Carolina Jessamine (Gelsemium sempervirens)
Columbine (Aquilegia Canadensis)
Coralbells (Heuchera villosa 'Autumn Bride' and Heuchera micrantha 'Palace Purple')
Crossvine (Bignonia capreolata)
Dixie wood Fern (Dryopteris x australis)
Dwarf Sabal Palm (Sabal minor)
False Aloe (Manfreda virginica)
Foamflower (Tiarella sp.)
Gayfeather (Liatris spicata)
Goatsbeard (Aruncus dioicus)
Golden Ragwort (Packera aurea)
Goldenrods (Solidago sp.)
Goldie Fern (Dryoperis goldiana)
Grassyleaf goldenaster (Pityopsis graminifolia)
Great Blue Lobelia (Lobelia siphilitica)
Lanceleaf Tickseed (Coreopsis lanceolata)
Honeysuckle (Lonicera sp.)
Meadow beauty (Rhexia virginica)
Mountain Mint (Pycanthemum sp.)
Nodding Ladies' tresses (Spiranthes cernua)
Oakleaf Hydrangea (Hydrangea quercifolia)
Obedient Plant (Physostegia virginiana 'Miss Manners')
Partridgeberry (Mitchella repens)
Philadelphia fleabane (Erigeron philadelphicus)
Pitcher Plants (Sarracenia purpurea)
Purple Coneflower (Echinacea purpurea)
Purple Muhly (Muhlenbergia capillaris)
Rattlesnake Master (Eryngium yuccifolium)
Skullcap (Scutellaria sp.)
Sneezeweed (Helenium autumnale 'Helena Gold')
Spiderwort (Tradescantia sp.)
Spotted Beebalm (Monarda punctata)
Sticky Catchfly (Silene caroliniana)
Sundrops (Oenothera fruticosa)
Swamp Milkweed (Asclepias incarnata)
Switchgrass (Panicum virgatum 'Dallas Blues' and 'Shenandoah')
Thalia (Thalia dealbata)
Tickseed (Coreopsis verticillata 'Zagreb')
Turtlehead (Chelone lyonii 'Hot Lips')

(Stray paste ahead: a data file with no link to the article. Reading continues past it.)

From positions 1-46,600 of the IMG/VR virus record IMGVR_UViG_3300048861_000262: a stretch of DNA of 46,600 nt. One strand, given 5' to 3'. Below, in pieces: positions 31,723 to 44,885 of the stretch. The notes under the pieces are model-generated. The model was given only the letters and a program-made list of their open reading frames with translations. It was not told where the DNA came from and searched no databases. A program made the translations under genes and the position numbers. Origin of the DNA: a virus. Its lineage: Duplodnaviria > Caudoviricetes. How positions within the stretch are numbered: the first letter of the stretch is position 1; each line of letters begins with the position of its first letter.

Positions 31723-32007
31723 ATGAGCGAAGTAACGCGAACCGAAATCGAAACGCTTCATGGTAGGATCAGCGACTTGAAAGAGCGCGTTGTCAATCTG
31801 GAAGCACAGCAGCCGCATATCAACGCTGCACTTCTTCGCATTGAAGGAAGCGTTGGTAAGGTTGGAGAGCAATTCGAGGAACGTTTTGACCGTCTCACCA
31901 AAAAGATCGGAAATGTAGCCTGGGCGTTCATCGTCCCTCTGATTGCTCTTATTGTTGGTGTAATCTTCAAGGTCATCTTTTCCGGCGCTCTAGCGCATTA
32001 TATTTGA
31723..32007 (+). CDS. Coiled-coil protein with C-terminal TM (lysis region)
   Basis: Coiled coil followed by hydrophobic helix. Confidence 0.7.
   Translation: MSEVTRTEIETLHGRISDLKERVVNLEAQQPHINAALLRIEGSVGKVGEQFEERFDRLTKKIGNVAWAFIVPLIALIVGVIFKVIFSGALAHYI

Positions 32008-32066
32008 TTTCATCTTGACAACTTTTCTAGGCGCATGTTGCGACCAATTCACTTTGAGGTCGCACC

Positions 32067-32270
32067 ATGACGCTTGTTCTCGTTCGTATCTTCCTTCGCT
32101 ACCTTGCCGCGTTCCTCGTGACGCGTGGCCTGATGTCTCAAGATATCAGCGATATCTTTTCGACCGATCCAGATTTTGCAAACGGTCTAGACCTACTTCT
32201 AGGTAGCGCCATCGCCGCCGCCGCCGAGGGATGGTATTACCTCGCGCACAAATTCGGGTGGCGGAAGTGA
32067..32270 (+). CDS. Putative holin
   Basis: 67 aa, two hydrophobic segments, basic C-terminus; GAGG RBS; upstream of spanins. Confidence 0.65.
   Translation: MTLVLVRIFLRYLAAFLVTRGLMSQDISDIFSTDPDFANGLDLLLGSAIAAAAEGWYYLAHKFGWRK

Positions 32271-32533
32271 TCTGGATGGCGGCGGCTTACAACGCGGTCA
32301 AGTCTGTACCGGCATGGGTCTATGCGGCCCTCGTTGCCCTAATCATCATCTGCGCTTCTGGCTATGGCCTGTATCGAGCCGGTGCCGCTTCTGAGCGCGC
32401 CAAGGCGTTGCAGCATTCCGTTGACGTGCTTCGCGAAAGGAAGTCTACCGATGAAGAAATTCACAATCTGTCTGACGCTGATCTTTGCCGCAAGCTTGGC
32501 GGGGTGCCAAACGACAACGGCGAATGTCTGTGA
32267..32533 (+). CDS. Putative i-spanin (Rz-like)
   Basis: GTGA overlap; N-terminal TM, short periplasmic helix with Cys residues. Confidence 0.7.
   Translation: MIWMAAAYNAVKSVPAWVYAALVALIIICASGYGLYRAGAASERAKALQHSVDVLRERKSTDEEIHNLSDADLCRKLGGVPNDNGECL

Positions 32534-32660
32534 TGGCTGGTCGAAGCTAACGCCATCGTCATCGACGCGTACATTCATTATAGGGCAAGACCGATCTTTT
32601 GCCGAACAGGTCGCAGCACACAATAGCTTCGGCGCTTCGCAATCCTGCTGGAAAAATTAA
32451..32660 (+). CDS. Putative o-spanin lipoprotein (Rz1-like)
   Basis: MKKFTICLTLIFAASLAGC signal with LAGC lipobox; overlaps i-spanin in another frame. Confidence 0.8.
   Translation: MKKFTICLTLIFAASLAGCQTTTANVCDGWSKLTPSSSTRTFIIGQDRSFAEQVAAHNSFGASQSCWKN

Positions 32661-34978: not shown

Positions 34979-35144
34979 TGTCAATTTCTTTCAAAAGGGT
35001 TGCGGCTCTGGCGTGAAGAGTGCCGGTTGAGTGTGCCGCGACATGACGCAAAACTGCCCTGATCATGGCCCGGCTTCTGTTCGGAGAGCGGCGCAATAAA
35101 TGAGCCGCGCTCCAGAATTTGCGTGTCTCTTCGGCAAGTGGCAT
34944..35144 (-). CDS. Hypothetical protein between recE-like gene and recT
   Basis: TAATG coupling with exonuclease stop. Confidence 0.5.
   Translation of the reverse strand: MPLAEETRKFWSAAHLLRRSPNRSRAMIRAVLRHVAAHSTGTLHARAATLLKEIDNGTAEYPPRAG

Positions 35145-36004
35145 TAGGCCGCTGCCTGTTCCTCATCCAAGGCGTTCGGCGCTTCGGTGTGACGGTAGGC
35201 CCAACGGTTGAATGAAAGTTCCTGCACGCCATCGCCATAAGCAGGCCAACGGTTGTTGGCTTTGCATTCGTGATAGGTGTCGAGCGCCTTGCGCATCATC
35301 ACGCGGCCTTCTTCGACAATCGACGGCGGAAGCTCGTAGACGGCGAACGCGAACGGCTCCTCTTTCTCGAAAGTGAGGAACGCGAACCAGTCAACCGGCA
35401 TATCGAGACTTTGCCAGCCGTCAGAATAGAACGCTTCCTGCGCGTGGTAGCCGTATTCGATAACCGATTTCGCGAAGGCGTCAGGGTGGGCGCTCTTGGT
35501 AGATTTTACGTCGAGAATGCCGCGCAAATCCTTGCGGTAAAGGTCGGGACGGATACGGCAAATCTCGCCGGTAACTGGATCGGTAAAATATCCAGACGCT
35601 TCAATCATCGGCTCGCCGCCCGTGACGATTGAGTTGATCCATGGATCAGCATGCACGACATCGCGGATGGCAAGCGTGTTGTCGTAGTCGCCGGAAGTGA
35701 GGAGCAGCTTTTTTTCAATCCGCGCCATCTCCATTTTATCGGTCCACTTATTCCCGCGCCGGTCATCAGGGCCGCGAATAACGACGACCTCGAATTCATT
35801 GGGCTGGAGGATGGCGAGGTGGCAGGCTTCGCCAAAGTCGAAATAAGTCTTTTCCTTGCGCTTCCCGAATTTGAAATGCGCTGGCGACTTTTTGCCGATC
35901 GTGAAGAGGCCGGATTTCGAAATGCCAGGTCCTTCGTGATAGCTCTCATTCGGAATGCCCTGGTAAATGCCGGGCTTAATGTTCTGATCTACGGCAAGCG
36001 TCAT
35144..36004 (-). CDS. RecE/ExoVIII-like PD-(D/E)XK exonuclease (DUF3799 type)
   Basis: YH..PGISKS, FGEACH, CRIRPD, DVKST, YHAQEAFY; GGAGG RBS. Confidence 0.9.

Wild Indigo (Baptisia australis and Baptisia alba)

Wow, writing it all out makes it seem like a lot of plants for a not so big garden. I hope you stop by the next time you're in the area.


Janet said...

Wow Phillip, it sounds great. I will make sure to check it out. Adam's Garden is so special, hard to realize such a beautiful spot is tucked into a corner in downtown Williamsburg. Kudos to Sandy's, they donated a bunch of plants to us at the Learning Garden last year. Surpirsed you don't have any Silene virginiana!! I was going through plant material in our 'Wildlife' area of the LG, Felice really chose a wonderful selection of plant material. I just read through your list again. what a great list!

Les said...

Thanks for the links, I am flattered. What you have been working on sounds like quite an undertaking. The fact that the city was so helpful is very encouraging. Besides the daffs, did you pull anything else out like the Crape Myrtles or Boxwoods? You proabably need a judges ruling to remove a Boxwood in Williamsburg. Do you have any shots of the completed garden?

Janet said...

Phillip!! I read the blogs before I sat down to read today's paper. Very nice write up about you! (Now I will go back to eating breakfast)

compost in my shoe said...

How about some before and afters?

compost in my shoe said...

How about a link to the article in the local newspaper.....

Phillip M said...

Les, we kept the Crapes and the boxwood, but we did take out some nandina and Japanese holly. I added some shots of the 'completed' garden to the posting. It still has a ways to go.

c.i.m.s., Sorry I don't really have any before shots. I'll post a link to the newspaper article momentarily.

Janet, Thanks for you comments - I thought the article turned out pretty well.

Phillip M said...

Les, maybe I should have asked before linking to your stories, but it sounds like you don't mind. Thanks!